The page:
After the Supreme Court’s landmark ruling on same-sex marriage Friday, PennLive/The Patriot-News’ editorial board announced they would “no longer accept, nor will [they] print, op-Eds and letters to the editor in opposition to same-sex marriage,” sparking even more debate.
The editorial board wrote a piece on Friday – entitled “The Supremes got it right – It’s no longer ‘gay marriage.’ It’s ‘marriage.’ And we’re better for it.” – in which they laud the Supreme Court’s decision to strike down the constitutionality of gay marriage bans across the country.
“[Supreme Court Justice Anthony] Kennedy nailed it. There are no rights more fundamental than due process and equal treatment under the law,” the piece states. “These unions are now the law of the land. And we will not publish such letters and op-Eds any more than we would publish those that are racist, sexist or anti-Semitic.”
Many readers and conservative news outlets criticized the move, including Fox News, prompting a bit of backtracking from PennLive.
“We will, however, for a limited time, accept letters and op-Eds on the high court’s decision and its legal merits,” Opinions page editor John L. Micek wrote later on Friday.
“This apparently did not satisfy readers, who posted a cascade of critical comments online,” Fox News.com wrote of the situation. “One read: ‘Clearly, PennLive’s policy is not to limit criticism of settled law, but rather to limit criticism of settled law that its editor likes.”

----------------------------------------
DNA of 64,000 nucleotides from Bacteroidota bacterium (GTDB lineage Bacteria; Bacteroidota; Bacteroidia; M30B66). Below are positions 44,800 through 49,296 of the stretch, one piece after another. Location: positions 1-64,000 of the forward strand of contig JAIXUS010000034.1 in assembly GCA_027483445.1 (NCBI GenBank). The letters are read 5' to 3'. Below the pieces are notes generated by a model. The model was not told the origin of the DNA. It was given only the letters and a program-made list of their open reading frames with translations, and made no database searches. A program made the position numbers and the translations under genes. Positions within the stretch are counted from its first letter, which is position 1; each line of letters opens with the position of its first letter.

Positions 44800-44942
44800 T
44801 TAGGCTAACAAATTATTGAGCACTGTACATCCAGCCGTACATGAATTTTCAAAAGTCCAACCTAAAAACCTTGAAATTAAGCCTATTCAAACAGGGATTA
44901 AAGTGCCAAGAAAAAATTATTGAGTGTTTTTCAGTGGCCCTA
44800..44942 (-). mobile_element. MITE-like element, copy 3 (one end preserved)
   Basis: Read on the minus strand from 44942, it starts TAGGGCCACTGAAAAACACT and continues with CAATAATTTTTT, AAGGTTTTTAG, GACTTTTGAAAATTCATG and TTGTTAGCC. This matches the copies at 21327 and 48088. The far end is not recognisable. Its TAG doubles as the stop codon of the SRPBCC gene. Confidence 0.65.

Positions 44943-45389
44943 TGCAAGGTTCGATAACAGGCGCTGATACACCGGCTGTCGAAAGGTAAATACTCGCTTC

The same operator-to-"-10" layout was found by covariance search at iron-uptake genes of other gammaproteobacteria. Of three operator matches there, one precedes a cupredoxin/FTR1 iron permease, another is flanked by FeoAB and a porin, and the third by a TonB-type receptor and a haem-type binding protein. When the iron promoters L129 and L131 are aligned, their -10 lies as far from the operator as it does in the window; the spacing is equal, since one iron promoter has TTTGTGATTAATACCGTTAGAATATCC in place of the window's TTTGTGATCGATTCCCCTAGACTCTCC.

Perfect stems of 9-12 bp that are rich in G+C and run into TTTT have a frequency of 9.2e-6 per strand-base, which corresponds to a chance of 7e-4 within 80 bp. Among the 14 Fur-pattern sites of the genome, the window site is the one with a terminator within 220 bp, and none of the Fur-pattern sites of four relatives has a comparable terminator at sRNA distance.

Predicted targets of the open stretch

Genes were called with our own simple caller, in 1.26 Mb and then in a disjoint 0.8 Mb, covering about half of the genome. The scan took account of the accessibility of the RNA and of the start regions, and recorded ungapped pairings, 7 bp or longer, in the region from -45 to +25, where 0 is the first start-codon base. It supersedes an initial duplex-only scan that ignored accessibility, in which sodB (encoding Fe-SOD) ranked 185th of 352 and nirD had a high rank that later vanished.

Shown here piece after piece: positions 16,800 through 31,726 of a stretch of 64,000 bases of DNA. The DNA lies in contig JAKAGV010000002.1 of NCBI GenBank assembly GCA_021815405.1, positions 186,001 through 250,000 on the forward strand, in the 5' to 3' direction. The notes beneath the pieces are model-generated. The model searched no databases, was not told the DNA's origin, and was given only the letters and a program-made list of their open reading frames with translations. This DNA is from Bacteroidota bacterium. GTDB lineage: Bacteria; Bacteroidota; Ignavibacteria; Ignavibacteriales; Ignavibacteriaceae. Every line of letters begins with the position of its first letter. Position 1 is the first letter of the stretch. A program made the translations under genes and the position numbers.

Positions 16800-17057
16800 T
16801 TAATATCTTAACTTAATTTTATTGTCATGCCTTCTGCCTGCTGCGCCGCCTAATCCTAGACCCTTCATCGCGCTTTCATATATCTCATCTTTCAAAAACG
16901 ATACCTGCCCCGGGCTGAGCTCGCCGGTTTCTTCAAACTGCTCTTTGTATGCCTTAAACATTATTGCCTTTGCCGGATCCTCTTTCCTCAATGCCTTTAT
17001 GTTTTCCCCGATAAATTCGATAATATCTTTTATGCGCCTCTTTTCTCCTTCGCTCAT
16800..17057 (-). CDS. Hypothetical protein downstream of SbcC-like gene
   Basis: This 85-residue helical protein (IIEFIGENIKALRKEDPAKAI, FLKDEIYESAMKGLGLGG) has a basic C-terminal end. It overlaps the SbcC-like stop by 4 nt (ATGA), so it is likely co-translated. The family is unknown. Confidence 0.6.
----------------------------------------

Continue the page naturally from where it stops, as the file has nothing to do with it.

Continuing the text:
On Saturday, Micek wrote another column apologizing for the misunderstanding of the editorial board’s message.
“As the comments on our main story about the ruling — many of them openly hostile — began to pile up, I decided I wanted to send the strongest possible message that the Opinion pages of PennLive and The Patriot-News would be space for civil discussion of one of the most important civil rights rulings of our lifetime,” Micek wrote.
“More than once yesterday I was referred to as “f****t-lover,” among other slurs,” Micek continued. “And that’s the point that I was trying to make with our statement.”
PennLive’s opinion pages will remain open for civil discussion and “intelligent and reasoned debate on the issues of the day.”